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Spouse owns a cremation policy that covers the opening of the grave, and a few death certificates, transportation from crematorium to grave site and misc. expenses. It does not cover the transportation from either the hospital or SNF to the mortuary or crematorium. This must be paid upon his death. I'll have to pay the cost of his probate/attorney and whatever misc. expenses come up.


I own a partially paid 20K whole life policy on his life.


My husband is the insured, I am the owner, and I am listed as the beneficiary. Neither the funeral home or the state are listed as beneficiaries.


He has not died, but I figure it's time to clarify this detail.

We were required to submit all insurance policy status/values at the time of application. We have also had to submit updates annually. It's 6K cash surrender value is on record with SNF Medicaid.
Yes, I'm 100% owner of the 20K policy on husband. I'm listed as beneficiary.
My husband's cremation policy proceeds are directly payable to the funeral home. From there, I must pick up costs. We figured several years before Medicaid that having 20K payable direct to me was the best way for me to manage/control expenses that can't be predicted ahead of time.
I don't know what the shortfall will be after the home receives all of my husband's policy proceeds. I expect to need some of the 20K for immediate expenses.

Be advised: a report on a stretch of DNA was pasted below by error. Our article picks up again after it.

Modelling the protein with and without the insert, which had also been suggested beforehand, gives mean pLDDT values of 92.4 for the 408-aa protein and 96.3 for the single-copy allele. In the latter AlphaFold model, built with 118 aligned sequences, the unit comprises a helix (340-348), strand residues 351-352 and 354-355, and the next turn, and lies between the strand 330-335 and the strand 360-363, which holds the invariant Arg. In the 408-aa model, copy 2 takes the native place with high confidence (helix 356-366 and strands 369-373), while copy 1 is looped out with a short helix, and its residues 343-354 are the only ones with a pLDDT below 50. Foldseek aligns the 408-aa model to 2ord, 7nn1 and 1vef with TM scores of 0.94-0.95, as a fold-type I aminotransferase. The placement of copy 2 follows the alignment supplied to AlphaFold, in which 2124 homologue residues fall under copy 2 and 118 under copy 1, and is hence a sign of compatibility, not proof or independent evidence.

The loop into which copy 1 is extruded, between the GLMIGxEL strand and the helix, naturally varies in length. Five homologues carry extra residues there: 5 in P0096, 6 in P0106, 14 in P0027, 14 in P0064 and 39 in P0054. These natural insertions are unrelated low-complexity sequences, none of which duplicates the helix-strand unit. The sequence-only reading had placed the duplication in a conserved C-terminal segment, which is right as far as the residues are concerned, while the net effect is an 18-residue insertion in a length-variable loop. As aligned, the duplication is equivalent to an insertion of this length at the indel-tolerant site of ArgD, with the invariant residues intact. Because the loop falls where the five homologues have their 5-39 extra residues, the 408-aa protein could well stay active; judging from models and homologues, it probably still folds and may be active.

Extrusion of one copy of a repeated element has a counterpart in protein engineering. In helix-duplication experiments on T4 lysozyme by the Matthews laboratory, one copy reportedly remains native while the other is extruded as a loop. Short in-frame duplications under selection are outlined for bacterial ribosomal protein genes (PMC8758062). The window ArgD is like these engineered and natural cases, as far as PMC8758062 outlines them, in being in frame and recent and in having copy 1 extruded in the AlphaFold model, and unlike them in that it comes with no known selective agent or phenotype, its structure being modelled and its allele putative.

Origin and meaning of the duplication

I don't know if any left-over funds are owed to Medicaid. I don't know if remaining funds are considered part of his estate or if it's considered my money since I'm the policy owner and beneficiary.

I don't know anything about life insurance and taxes. Given the 20K is payable to me for his death, I don't know if it's even considered income. We have always filed jointly so it would be accounted for that way, unless a CPA told me to file under a different status.

Given all the other items to deal with during the Medicaid shuffle, I'm just now looking into this part.
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Reply to Houseplant102
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Just a guess, but - if you own the policy, and are the beneficiary, I don't believe that would be considered your husband's asset, and thus wouldn't be something Medicaid would have a right to... If the policy was on your husband, and owned by him, with you as the beneficiary, it's a different story... In that case, in order to be elegible for Medicaid (and the spend-down required) that policy would have to be cashed in for whatever "cash value" was available and applied to assets.
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Reply to ImageIMP
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So you bought the life insurance policy for your husband and you are the beneficiary?

I would check with a CPA because I think, (laws may have changed) that when life insurance is purchased that way it is subject to estate taxes even spouse to spouse.

I assume that this policy came up during the Medicaid application? If not, they may get ugly.
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Reply to Isthisrealyreal
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